Coxa’s antimicrobial ward is the future of hospital facilities

At the new ward of the Coxa Hospital for Joint Replacement, almost all contact surfaces from beds, handles and cubicle curtains to wall paints are coated or treated with antimicrobial technology that kills bacteria and viruses. The holistic antimicrobial solution for the new ward was provided in close collaboration between Coxa and the HygTech Alliance including ISKU supplying the antimicrobial furniture to the ward.

“The purpose of the surfaces is to prevent infections transmitted via contact. The need for contact itself is minimized, for example, with doors that are open during the day and with touch-free toilet seats and hand towel dispensers”, says Marjo Uusitalo, Coxa’s Development Manager.

In Coxa, the efficacy of antimicrobial surfaces on the incidence of morbidity of patients and workers will be seen at the end of a certain follow-up period when the results can be compared between different wards.

The MRSA bacterium is destroyed in 20 minutes but the surfaces are harmless to humans

Antimicrobial furniture destroys bacteria throughout its life.

“Under controlled laboratory conditions for example the E. coli and MRSA are eliminated on the antimicrobial surface in less than 20 minutes. In the real world, the situation is different as conditions vary”, says Kari Soljamo, PhD, who has studied antimicrobial materials for several years and works as the development manager of ISKU.

Only tiny amount of silver is needed to achieve antimicrobial features – for example, on the table surface only the same amount as in one printed photograph.

“Antimicrobial products are safe for the user. In an ongoing study, a silver-containing antimicrobial laminate surface was extracted with artificial sweat for up to 168 hours”, Soljamo states.

The transition from silver to sweat was a thousandth of the amount that a 60 kg person can safely get from food on a daily basis. Traditional infection inhibitors, regular cleaning and good hand hygiene, are still important. Utilizing antimicrobial solutions is a new additional way of preventing infections.

The efficacy is widely demonstrated

The efficacy of antimicrobial silver and copper surfaces has been widely demonstrated. Research results on the effects on morbidity have also been obtained in recent years.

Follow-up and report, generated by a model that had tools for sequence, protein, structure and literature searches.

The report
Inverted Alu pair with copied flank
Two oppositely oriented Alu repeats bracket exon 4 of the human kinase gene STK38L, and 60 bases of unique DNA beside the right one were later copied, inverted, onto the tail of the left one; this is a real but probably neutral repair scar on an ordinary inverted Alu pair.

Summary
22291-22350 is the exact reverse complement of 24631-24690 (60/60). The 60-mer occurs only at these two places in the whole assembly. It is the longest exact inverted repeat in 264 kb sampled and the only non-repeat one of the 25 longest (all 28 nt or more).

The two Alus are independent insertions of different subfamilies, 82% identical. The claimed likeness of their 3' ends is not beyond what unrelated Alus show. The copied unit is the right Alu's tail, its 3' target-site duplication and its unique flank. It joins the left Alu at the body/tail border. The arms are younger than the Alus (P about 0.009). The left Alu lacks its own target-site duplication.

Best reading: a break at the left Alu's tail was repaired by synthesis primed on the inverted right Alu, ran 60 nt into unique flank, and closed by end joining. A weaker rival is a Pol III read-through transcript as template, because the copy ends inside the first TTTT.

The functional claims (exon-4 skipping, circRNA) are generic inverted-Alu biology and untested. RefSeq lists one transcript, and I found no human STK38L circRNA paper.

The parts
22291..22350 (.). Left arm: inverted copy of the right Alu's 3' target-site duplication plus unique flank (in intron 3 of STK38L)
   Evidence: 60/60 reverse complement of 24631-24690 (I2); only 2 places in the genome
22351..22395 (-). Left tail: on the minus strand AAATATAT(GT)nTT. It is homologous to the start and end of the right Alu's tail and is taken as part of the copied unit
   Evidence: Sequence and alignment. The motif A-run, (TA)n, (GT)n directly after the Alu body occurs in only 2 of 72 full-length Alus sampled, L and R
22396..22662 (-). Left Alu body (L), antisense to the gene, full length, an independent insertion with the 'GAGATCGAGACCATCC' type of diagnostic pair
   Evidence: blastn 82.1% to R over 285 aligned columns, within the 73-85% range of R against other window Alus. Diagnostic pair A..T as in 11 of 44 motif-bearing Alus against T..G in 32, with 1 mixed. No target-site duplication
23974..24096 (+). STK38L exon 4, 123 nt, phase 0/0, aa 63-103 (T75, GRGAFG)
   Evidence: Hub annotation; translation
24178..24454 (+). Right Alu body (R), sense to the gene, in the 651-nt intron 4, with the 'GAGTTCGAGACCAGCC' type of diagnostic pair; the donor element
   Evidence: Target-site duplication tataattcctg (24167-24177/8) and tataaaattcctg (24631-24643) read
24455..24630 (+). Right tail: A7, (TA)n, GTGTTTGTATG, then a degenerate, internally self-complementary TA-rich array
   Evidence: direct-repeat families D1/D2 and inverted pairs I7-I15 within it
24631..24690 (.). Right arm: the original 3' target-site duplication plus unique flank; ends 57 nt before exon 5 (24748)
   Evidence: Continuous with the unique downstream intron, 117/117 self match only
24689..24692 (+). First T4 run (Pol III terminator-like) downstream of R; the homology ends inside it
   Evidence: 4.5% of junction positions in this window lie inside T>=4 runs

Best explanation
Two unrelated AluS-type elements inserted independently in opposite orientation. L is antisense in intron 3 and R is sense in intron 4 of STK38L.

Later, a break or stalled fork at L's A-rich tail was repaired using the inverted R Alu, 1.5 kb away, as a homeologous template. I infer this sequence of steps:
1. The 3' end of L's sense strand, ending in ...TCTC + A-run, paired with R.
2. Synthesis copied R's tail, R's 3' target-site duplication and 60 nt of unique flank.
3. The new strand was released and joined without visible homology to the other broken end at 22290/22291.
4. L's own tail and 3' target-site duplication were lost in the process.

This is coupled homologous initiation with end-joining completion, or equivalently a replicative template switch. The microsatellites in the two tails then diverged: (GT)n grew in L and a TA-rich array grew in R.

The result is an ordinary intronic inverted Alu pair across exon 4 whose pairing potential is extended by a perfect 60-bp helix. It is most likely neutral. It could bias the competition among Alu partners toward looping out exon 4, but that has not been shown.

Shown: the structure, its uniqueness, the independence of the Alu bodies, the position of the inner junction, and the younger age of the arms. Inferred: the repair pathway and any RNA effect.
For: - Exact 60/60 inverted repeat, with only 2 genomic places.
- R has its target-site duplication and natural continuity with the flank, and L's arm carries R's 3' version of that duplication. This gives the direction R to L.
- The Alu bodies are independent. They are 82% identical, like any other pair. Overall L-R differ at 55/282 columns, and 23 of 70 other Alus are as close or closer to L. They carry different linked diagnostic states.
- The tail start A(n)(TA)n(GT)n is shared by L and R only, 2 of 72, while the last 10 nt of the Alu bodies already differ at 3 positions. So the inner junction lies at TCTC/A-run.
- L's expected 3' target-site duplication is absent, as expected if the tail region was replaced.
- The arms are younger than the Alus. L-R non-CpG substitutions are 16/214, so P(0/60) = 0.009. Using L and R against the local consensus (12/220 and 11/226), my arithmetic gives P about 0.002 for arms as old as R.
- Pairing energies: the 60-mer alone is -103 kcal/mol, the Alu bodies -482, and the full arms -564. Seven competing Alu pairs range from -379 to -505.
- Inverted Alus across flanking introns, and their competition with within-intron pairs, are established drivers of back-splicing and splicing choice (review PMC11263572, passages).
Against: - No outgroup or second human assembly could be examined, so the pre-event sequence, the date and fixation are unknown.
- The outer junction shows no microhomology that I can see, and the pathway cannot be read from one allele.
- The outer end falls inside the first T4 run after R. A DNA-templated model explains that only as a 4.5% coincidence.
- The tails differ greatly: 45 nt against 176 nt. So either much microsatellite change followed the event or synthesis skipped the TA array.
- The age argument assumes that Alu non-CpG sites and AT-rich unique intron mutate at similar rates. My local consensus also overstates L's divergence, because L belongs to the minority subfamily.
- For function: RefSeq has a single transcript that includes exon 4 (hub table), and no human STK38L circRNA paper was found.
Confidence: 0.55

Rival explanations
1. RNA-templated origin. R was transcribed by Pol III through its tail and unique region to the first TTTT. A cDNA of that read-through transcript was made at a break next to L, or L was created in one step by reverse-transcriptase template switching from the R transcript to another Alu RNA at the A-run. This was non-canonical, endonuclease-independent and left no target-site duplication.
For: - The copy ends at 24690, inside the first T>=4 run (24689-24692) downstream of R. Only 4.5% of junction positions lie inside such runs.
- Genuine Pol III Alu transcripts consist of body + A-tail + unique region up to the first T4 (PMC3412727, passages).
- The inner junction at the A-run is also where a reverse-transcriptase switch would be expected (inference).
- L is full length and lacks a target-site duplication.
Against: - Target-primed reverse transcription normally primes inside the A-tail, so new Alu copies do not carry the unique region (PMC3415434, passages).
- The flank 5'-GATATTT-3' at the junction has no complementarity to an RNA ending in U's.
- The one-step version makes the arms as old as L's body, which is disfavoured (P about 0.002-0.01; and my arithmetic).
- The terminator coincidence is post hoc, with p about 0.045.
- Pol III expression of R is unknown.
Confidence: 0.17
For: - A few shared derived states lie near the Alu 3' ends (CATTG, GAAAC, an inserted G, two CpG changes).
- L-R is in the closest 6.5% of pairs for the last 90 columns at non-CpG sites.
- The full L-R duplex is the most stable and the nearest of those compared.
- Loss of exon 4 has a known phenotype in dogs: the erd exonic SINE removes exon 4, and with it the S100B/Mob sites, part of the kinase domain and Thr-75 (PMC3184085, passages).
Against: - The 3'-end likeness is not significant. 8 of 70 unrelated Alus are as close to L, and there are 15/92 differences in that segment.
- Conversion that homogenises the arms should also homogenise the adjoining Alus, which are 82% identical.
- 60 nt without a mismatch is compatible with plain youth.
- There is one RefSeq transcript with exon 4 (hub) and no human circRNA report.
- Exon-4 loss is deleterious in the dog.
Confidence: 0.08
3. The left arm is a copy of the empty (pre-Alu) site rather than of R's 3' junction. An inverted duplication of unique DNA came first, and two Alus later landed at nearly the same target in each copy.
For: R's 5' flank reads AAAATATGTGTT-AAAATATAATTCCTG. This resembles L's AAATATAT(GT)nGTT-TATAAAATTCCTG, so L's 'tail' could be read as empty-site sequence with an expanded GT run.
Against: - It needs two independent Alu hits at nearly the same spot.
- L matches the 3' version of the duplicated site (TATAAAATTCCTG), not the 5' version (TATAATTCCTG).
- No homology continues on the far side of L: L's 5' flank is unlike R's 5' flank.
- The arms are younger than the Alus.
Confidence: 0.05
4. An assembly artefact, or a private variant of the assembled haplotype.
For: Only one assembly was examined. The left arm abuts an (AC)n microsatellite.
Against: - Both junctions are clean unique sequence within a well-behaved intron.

In 2013, a 21-month study of 16 rooms in intensive care units at three hospitals in the United States showed that patients in intensive care rooms with essential contact surfaces coated with antimicrobial copper experienced 58 percent fewer hospital acquired infections than patients in control rooms.

In 2018, the efficacy and impact of antimicrobial surfaces were studied at Taatila School in Lieto, “Case Study: Antimicrobial vs. Non-antimicrobial Class Room” furbished by ISKU. In Anni Hyvönen’s living lab case study on antimicrobial surfaces for the laboratory analysis department of Metropolia University of Applied Sciences, all furniture and contact surfaces in one class were changed to antimicrobial.

The comparison was made to non-antimicrobial, otherwise identical class, which was cleaned and utilized in the same manner as the antimicrobial class.

“Pupils who studied in the antimicrobial class had 52 per cent fewer short-term absences during the 113 school days studied than in the comparison class. Prior to the comparison, long-term sick leaves and accidents were extracted from the statistics”, says Soljamo, who supervised the study.

The same study showed that the total number of bacteria did not correlate with ATP measurements. ATP measurement is used e.g. in hospital environments for assessing the quality of cleaning.

Read more about ISKU+ Antimicrobial technology.

A joint project of the HygTech Alliance

Abloy, ISKU, Korpinen, Lojer, Oras and Teknos, Finnish manufacturers of antimicrobial furniture and materials, participated in the implementation of the “Finland’s most antimicrobial” ward, and the HygTech Alliance takes Finnish expertise in antimicrobial facilities abroad. A number of other companies were also involved, such as Fabrica, which manufactures antimicrobial curtains.